A Free-Form Poem

© Phillip Psutka, 2020

Once, it embrace my window, its leaves reaching out to touch me through the glass.

And then I returned from away and looked out upon air and a power line; it had been marked for some time, a colon of death, and now began its disappearance.

It stands, limbless, decapitated, stark, tall in the front yard, like some giant child pushed a twig into the earth marking his territory, or perhaps building a sand castle; a beacon of earth about to be turned over.

Halloween is on the horizon and already the spirits have eyed it, preparing to harbor this…

Cycling Along the Bay

Photo by Andre A. Xavier on Unsplash

Around the back, leaning against the weathered boards, my friend waits for me. Though we used to spend more time together — nearly all summer throughout high school — we have hardly shared one another’s company recently. But we always spend a few precious days along the bay together every year.

I walk with my bike out to the short road leading right down to the water, getting acquainted once again.

This place has memories for both of us.

I set the nearest pedal up, put my weight into it to start the momentum and we are off, heading for…

Lessons from a Canoe Trip

Photo by Josh Hild on Unsplash

M y schedule was completely thrown off. On the early morning drive up to Algonquin Provincial Park for my first ever solo canoe trip, I witnessed an accident in Orangeville (which set me back by an hour and a half), and then failed to take into account how difficult it would be to strap a rental canoe to the top of the car by myself. Finally, I managed to get on the water at noon. Now I was in my bliss.

Until I hit the first portage.

Having never solo tripped before, I figured that it would be smart to…

A Poem

Photo by Daan Weijers on Unsplash

The air is stale, I try to rise;
Prop myself up, open my eyes,
Pull off my sweat-soaked sleeping bag,
Pull from my bottle a long drag.

The zipper wines as if to say:
“It’s early to begin the day!”
Emerging from the folds of grey
I look: it takes my breath away.

The lake reflects the sun to me,
Flashes on glass — paparazzi.

The orange and pink and red and white
Methodically removes the night
And I am standing, bathed in light
Directly in the great orb’s sight.

Nothing escapes its fiery gaze
And with its rays it lifts…

A Brief Recollection

Photo by Simon Rae on Unsplash

We arrive, our muscles warmed slightly from the short journey here, and tuck our bikes off to the side, leaning them against the wall: old friends reuniting. After slipping off our sandals and saying a silent Good Morning to the image of the Buddha, we climb the stairs of the pavilion.

It is an atmosphere of soothing energy — a different world than the one outside. All around the timbered room, people prepare how they need to, some lying (or sleeping) in meditation, some quietly talking with one another, happy for the human connection, some just silently sitting there, calmly…

Breathe It In

Red sunset over lake and trees
Red sunset over lake and trees
© Phillip Psutka, 2018

The food is cleared, the wine refilled, and we are back at the table in the grass. The sound of the water lapping against the shore fills our ears, for nature is never silent when you tune out your life and listen to it.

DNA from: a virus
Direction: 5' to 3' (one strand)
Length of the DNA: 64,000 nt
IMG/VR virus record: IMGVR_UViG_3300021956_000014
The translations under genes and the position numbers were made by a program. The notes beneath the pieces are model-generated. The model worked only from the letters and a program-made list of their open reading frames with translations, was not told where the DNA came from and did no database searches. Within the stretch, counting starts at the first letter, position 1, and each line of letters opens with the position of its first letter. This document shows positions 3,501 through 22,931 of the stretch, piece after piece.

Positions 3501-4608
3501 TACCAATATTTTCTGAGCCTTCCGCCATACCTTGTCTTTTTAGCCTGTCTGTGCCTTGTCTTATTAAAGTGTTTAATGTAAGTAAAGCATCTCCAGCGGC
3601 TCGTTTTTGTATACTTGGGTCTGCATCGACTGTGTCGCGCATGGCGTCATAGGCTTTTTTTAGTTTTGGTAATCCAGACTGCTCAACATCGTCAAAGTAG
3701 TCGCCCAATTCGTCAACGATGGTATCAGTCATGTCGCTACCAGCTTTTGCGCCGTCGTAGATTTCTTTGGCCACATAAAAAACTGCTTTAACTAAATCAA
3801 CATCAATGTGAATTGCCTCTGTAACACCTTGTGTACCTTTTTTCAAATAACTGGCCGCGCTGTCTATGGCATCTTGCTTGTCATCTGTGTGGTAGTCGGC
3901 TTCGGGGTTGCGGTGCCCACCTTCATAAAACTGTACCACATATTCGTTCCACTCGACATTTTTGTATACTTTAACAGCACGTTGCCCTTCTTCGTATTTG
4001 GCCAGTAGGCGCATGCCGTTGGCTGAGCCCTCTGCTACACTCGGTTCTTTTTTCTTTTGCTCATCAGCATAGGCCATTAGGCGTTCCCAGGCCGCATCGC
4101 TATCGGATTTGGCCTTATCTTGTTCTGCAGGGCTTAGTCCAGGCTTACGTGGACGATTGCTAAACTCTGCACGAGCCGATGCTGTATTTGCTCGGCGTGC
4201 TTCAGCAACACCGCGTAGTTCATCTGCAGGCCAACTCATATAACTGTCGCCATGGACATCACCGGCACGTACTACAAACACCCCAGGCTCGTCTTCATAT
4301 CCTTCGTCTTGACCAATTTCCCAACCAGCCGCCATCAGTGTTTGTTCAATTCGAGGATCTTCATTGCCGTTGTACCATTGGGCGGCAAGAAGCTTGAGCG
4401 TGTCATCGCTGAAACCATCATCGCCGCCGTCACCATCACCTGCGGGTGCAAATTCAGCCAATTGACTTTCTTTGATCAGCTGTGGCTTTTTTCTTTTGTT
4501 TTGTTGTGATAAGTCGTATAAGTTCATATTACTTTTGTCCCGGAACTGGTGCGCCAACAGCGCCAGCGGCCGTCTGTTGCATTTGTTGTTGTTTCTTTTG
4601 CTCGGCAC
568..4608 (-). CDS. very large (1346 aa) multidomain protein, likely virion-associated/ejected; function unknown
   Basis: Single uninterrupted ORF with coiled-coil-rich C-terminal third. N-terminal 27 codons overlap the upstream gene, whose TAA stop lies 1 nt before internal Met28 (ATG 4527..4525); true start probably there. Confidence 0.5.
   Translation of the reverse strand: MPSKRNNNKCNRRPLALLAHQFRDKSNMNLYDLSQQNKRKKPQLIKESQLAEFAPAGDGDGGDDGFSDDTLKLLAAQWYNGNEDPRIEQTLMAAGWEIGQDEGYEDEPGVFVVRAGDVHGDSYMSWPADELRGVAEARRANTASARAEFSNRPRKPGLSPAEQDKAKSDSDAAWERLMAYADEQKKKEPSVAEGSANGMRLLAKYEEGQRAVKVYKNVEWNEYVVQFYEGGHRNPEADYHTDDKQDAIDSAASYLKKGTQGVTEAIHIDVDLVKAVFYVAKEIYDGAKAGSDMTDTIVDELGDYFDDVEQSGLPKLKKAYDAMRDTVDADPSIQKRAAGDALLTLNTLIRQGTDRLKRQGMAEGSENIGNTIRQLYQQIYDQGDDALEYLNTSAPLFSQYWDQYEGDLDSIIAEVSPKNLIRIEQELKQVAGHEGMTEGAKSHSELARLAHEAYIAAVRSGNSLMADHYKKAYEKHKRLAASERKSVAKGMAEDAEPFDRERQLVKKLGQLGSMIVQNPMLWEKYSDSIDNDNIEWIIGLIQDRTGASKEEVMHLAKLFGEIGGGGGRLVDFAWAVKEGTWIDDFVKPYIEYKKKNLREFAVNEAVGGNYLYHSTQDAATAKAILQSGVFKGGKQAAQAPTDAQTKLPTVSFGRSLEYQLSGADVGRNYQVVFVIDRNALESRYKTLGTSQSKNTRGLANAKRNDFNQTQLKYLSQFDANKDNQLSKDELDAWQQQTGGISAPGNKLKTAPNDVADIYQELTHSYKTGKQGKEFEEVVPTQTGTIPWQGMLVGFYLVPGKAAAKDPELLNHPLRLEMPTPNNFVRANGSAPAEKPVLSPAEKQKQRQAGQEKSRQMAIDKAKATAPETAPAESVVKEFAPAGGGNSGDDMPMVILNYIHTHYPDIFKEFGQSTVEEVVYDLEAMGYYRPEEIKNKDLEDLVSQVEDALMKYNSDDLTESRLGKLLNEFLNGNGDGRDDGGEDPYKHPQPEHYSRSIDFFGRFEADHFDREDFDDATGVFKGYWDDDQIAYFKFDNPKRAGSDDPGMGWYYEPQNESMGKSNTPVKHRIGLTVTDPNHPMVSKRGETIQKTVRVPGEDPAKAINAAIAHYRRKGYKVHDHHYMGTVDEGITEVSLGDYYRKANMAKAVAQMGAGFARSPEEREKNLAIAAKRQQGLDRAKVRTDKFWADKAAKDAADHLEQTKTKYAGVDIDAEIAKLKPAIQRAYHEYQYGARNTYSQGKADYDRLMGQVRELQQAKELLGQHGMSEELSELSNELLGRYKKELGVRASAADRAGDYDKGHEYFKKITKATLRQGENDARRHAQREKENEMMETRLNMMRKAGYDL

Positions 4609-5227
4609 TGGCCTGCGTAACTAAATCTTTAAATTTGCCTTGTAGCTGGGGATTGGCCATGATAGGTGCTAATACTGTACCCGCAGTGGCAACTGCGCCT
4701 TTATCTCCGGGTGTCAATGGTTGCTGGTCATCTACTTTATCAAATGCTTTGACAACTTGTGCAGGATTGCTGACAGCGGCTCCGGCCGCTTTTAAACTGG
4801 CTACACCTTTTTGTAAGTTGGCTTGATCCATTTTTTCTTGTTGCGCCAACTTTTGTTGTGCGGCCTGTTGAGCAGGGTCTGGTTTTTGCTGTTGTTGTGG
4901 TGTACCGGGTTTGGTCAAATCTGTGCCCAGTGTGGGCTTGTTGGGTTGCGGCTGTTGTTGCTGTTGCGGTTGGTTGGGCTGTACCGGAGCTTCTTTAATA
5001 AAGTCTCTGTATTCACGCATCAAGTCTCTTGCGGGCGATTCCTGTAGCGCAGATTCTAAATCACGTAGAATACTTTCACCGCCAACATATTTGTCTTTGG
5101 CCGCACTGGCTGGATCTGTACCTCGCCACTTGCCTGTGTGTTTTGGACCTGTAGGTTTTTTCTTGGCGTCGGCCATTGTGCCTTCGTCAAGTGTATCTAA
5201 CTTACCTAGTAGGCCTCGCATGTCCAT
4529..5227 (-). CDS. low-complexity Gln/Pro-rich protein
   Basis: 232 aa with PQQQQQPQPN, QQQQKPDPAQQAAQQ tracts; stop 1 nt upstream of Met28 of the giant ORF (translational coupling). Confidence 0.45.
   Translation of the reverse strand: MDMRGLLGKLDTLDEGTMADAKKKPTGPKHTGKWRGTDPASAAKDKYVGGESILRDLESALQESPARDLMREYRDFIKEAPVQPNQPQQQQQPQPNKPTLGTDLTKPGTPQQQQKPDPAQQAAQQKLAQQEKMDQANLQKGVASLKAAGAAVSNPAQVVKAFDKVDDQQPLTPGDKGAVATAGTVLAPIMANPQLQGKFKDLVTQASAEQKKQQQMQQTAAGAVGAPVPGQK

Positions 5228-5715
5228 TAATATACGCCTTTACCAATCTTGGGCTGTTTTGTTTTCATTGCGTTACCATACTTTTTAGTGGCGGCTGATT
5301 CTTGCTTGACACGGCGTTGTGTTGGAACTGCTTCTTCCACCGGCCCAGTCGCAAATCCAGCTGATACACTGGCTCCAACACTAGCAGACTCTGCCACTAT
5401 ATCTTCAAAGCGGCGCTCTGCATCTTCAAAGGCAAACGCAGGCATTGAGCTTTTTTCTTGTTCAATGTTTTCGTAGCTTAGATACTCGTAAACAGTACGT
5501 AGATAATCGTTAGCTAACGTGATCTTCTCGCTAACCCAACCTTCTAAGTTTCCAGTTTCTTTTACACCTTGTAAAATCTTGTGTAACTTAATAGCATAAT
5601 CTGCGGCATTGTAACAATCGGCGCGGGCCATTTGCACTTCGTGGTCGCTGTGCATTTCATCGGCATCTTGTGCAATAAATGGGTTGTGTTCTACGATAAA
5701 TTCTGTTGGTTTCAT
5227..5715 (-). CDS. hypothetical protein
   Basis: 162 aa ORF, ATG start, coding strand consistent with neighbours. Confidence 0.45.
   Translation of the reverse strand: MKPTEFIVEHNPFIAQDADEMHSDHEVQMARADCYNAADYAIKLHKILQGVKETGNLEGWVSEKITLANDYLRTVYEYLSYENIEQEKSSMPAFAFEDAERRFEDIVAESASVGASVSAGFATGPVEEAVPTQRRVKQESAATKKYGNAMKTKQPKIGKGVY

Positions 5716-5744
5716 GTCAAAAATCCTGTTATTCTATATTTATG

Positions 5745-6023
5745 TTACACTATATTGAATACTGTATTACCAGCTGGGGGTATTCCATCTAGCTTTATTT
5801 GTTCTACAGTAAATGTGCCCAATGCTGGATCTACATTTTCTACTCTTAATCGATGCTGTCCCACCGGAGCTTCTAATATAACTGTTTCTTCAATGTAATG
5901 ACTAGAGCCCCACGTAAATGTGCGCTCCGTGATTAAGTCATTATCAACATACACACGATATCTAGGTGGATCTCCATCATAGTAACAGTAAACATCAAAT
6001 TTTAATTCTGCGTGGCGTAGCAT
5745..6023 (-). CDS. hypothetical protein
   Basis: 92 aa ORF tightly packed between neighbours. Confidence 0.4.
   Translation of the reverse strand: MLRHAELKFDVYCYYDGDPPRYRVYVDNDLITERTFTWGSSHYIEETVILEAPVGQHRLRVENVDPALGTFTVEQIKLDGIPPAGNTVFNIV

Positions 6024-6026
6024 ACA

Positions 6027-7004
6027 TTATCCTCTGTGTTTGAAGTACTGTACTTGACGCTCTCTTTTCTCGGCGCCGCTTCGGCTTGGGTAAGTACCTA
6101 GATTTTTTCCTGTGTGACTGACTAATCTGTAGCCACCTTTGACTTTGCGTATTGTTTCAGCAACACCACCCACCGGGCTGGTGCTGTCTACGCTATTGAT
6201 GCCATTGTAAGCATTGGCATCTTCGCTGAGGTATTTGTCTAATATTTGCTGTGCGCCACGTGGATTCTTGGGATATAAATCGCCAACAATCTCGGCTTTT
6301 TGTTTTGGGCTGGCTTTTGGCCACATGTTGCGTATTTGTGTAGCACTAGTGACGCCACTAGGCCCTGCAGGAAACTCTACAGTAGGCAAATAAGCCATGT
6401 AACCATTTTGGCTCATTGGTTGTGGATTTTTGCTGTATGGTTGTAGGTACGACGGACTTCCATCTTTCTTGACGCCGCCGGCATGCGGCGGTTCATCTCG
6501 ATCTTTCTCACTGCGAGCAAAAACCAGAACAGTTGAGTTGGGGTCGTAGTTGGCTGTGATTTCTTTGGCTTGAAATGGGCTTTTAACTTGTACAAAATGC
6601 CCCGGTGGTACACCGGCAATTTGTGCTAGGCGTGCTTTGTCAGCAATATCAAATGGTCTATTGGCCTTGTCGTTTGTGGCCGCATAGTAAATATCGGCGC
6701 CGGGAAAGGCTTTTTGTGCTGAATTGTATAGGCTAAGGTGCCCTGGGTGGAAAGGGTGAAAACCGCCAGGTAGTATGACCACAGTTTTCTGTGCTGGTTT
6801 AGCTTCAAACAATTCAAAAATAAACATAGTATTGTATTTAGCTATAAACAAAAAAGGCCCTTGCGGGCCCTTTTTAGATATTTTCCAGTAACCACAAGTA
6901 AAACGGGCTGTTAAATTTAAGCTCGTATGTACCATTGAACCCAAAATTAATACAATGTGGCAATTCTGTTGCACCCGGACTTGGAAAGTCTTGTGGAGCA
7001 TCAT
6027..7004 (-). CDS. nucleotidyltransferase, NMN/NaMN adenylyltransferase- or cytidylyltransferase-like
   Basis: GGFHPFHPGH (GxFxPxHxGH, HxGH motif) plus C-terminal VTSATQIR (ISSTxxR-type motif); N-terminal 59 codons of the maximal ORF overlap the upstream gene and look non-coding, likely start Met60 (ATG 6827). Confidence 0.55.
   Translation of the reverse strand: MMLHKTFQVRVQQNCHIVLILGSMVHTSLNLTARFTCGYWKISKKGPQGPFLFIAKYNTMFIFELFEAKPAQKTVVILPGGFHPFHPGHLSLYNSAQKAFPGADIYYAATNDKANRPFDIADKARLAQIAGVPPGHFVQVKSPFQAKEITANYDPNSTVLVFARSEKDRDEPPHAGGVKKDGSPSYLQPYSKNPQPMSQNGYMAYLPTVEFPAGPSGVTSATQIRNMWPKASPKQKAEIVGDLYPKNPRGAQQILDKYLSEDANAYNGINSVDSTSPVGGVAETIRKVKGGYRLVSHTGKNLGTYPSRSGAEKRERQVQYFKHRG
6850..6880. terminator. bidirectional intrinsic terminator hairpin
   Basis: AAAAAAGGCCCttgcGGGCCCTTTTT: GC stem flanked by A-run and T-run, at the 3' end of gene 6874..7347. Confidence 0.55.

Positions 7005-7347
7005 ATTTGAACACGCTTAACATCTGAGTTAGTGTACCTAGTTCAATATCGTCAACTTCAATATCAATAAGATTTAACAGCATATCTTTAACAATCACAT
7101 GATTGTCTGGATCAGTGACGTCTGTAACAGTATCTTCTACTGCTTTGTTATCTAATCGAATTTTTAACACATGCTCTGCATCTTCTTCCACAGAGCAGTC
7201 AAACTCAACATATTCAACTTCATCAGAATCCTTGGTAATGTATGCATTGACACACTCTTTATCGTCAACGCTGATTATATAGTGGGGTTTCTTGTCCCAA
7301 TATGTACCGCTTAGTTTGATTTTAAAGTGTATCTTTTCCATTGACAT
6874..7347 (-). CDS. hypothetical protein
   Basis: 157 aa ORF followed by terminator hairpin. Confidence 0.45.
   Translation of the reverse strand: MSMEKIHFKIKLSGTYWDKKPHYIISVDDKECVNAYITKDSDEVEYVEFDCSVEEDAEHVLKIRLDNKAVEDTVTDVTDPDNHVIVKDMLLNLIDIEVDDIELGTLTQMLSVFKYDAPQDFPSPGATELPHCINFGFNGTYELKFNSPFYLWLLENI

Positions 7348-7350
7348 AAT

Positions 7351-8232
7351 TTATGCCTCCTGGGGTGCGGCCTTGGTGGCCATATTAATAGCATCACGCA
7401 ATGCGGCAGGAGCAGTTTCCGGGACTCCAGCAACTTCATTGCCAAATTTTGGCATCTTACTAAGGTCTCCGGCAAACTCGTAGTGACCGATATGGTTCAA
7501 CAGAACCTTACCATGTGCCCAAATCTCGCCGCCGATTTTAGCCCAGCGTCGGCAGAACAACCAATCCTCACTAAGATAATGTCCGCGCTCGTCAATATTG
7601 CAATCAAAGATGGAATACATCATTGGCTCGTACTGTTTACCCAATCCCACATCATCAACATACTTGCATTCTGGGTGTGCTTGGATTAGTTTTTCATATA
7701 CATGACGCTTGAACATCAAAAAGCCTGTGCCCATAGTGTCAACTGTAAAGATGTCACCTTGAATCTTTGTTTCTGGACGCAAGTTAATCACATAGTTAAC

It has been a hot day, but the breeze carries it away and I find myself longing for a sweater. “Not yet,” I tell myself, “you don’t want to miss it.”

Though the air has cooled, the sky has warmed-changed from a beautiful crisp blue to the orange and pick of closure-and my breath deepens, for…

Who Serves Whom?

Photo by Hello I'm Nik 🎞 on Unsplash

I go online. This is already a mistake.

Here, there exists the natural world; there, opinions and agendas. It looks like the natural world, perhaps jazzed up by human creations, but still the world as we know it, though we cannot smell it, feel it, nor taste it. A façade.

So if it’s an illusion, what does exist there and what does it cover?

What exists are personas and reactions; what it covers is often the truth.

The natural world, experienced as-is, has strict and simple rules that apply to most living things: eat and drink to survive; don’t get…

A Singular Experience

Photo by Aaron Lee on Unsplash

The stickiness of the heat has been my traveling companion all day and now here I am, arrived. The food barrel rope hung, the tent and tarp erected, a pot of water rising to an excited boil. Time to rid myself from this sweaty embrace.

The water — both in the lake and in the pot — gives me time. A cool breeze passes through the site, offering me a helping hand, an invitation.

Removing the shirt is difficult; removing the pants is easy. Once my bare feet are out of their rank nests they rejoice, the toes stretching east…

The Beauty in Slow Travel

Photo by Chris Bair on Unsplash

A rinse of the travel mug and you’re ready to lock the car and walk away. The road has been long and bumpy to get here, but it’s been relaxing, with Gordon Lightfoot and The Hip to keep you company. Say Goodbye to them for the next five days and say Hello to the adventure before you!

All your gear is condensed into a couple large packs. You set the canoe in the water, carefully loading your heavy bundles in; your lake camel is ready to go.

The push-off from the take-out: a liminal moment, and you have stepped back…

Phillip Psutka

Award-winning writer, canoe tripper, and camp cook. Wilderness in Words. www.canoeflipper.ca

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